“Banned.” You keep using that word. I do not think it means what you think it means:
Rose regularly attends games each season in Cincinnati and Philadelphia, two of the places where he played during his 23-year career, and is often introduced to players. “Then they end up texting me all the time,” Rose said. “I have play-hard credentials. No b———t, no non-sense credentials and I think players respect that. That’s why young players like me today.”… Rose said it’s not a matter of proper coaching not being available for today’s players, but rather an issue with their self-esteem … “The better the player, the less confidence they seem to have.”
Included in his list of advisees is Alex Rodriguez, Joey Votto and Jay Bruce. And my gratuitous use of the Inigo Montoya quote notwithstanding, sure, there’s nothing in Rose’s ban that keeps him from talking on the phone to people. Baseball can keep him out of the Hall of Fame and off a Major League payroll, but they can’t keep him from having friends who happen to be ballplayers.
Freakin’ Rose. He makes me so mad. I think he actually has a point when he says in the article that players sometimes get overcoached and confused and stuff. And while teams certainly want technically proficient coaches to help players do things the right way, I imagine there’s serious value to having a guy like Rose on every staff someplace who can just tell guys to go out there and hit the snot out of the ball and have the personal moxie and credibility to make that useful.
I just sometimes wonder what would have happened if Rose hadn’t been a complete train wreck and actually was allowed to have been around baseball all these years. And he did things such that we never got a chance. Drives me nuts.
Former Mets catcher Johnny Monell signed a contract with the KT Wiz of the Korea Baseball Organization, per a report by Chris Cotillo of SB Nation. The 30-year-old originally struck a deal with the NC Dinos on Thursday, but the deal appeared to fall through at the last minute, according to Cotillo’s unnamed source.
Monell last surfaced for the Mets during their 2015 run, batting a dismal .167/.231/.208 with two extra bases in 52 PA before the club DFA’d him to clear space for Bartolo Colon. While he’s had difficulty sticking at the major league level, he’s found a higher degree of success in the minor league circuit and holds a career .271 average over a decade of minor league play. He played exclusively in Triple-A Las Vegas during the 2016 season, slashing .276/.336/.470 with 19 home runs and a career-high 75 RBI in 461 PA.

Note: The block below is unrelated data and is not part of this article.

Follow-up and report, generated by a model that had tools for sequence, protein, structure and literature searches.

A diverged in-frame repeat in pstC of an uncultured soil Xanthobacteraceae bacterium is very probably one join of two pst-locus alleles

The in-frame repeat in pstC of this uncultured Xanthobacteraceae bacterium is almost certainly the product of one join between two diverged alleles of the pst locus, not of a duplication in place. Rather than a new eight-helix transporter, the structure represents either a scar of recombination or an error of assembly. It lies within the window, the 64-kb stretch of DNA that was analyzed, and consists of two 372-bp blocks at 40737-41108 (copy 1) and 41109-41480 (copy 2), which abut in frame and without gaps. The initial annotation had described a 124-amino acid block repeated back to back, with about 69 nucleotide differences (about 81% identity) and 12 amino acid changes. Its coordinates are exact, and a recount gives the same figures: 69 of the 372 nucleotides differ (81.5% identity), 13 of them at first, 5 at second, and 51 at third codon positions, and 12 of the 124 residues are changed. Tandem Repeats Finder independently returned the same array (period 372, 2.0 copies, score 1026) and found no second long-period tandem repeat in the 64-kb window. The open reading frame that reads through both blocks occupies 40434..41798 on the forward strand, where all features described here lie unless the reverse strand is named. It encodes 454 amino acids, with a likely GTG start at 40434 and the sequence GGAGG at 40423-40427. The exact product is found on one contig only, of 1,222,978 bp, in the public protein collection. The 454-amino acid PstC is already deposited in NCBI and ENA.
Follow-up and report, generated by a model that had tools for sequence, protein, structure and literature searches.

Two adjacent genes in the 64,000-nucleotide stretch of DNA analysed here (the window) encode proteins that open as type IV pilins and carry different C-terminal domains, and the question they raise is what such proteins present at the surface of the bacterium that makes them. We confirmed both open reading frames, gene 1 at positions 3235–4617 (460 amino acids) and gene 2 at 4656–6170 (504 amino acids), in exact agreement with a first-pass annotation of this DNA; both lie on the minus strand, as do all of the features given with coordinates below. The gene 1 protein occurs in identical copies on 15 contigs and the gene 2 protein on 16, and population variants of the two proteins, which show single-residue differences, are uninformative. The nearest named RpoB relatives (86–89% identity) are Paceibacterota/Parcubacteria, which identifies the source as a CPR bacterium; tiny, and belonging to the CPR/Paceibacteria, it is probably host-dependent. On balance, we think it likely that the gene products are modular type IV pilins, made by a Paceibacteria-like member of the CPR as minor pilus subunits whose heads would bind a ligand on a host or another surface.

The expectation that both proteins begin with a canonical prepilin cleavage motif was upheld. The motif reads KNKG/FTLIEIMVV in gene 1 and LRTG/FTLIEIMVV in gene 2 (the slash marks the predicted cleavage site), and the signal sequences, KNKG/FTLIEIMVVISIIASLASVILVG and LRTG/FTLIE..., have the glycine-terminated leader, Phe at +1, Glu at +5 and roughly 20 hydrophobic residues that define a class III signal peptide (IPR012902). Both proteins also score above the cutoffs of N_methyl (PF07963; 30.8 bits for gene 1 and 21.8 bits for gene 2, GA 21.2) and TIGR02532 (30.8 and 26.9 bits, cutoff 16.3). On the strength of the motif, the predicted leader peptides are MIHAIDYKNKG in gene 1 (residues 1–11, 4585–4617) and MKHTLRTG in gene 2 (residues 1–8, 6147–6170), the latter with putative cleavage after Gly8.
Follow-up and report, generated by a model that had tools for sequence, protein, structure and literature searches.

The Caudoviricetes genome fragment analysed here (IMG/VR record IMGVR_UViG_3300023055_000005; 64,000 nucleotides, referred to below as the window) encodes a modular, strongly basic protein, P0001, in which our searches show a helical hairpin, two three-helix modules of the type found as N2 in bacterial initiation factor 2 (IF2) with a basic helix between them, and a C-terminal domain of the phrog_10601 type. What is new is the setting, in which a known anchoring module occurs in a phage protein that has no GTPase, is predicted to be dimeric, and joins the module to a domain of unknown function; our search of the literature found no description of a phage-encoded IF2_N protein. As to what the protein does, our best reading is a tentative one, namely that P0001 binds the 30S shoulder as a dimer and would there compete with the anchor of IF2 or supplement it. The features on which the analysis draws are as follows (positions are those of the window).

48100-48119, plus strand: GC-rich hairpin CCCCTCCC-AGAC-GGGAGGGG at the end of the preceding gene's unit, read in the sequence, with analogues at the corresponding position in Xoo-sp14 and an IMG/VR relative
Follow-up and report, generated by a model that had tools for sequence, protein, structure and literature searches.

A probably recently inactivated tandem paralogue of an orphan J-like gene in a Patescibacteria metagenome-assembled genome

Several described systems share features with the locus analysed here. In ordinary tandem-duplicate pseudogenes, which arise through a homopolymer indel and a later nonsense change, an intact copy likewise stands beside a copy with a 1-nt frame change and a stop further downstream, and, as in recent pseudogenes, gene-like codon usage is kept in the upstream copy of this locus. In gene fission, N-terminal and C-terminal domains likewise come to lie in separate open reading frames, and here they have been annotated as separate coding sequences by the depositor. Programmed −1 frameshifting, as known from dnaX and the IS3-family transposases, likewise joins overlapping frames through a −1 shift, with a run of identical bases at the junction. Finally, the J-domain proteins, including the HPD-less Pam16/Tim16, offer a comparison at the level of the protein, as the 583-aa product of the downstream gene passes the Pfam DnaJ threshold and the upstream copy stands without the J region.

The veteran backstop appears to be the second MLB player to join the KT Wiz roster this offseason, as right-hander Donn Roach also signed with the club last month on a one-year, $850,000 deal.
Brewers’ right-hander Phil Bickford received a 50-game suspension after testing positive for a drug of abuse, per the Los Angeles Times’ Bill Shaikin. This is the second time Bickford has been suspended for recreational drug use, as he was previously penalized in 2015 after testing positive for marijuana prior to the amateur draft.
Bickford was selected by the Giants in the first round of the 2015 draft and was later dealt to the Brewers for lefty reliever Will Smith at the 2016 trade deadline. He finished his 2016 campaign in High-A Brevard County, pitching to a 3.67 ERA, 10.0 K/9 rate and 5.0 BB/9 over 27 innings.
Two other suspensions were handed down on Friday, one to Toronto minor league right-hander Pedro Loficial for a positive test for metabolites of Stanozolol and one to Miami minor league outfielder Casey Soltis for a second positive test for drugs of abuse. Loficial will serve a 72-game suspension, while Soltis will serve 50 games. All three suspensions are due to start at the beginning of the 2017 season for each respective minor league team.
Brewers’ GM David Stearns issued a statement after the Commissioner’s Office announced Bickford’s suspension (via Vince Lara-Cinisomo of Baseball America):
We are very disappointed to learn of Phil’s suspension, but we fully support the Minor League Baseball Drug Prevention and Testing Program and its enforcement by the Commissioner’s Office. Phil understands he made a mistake, and we fully anticipate that he will learn from this experience.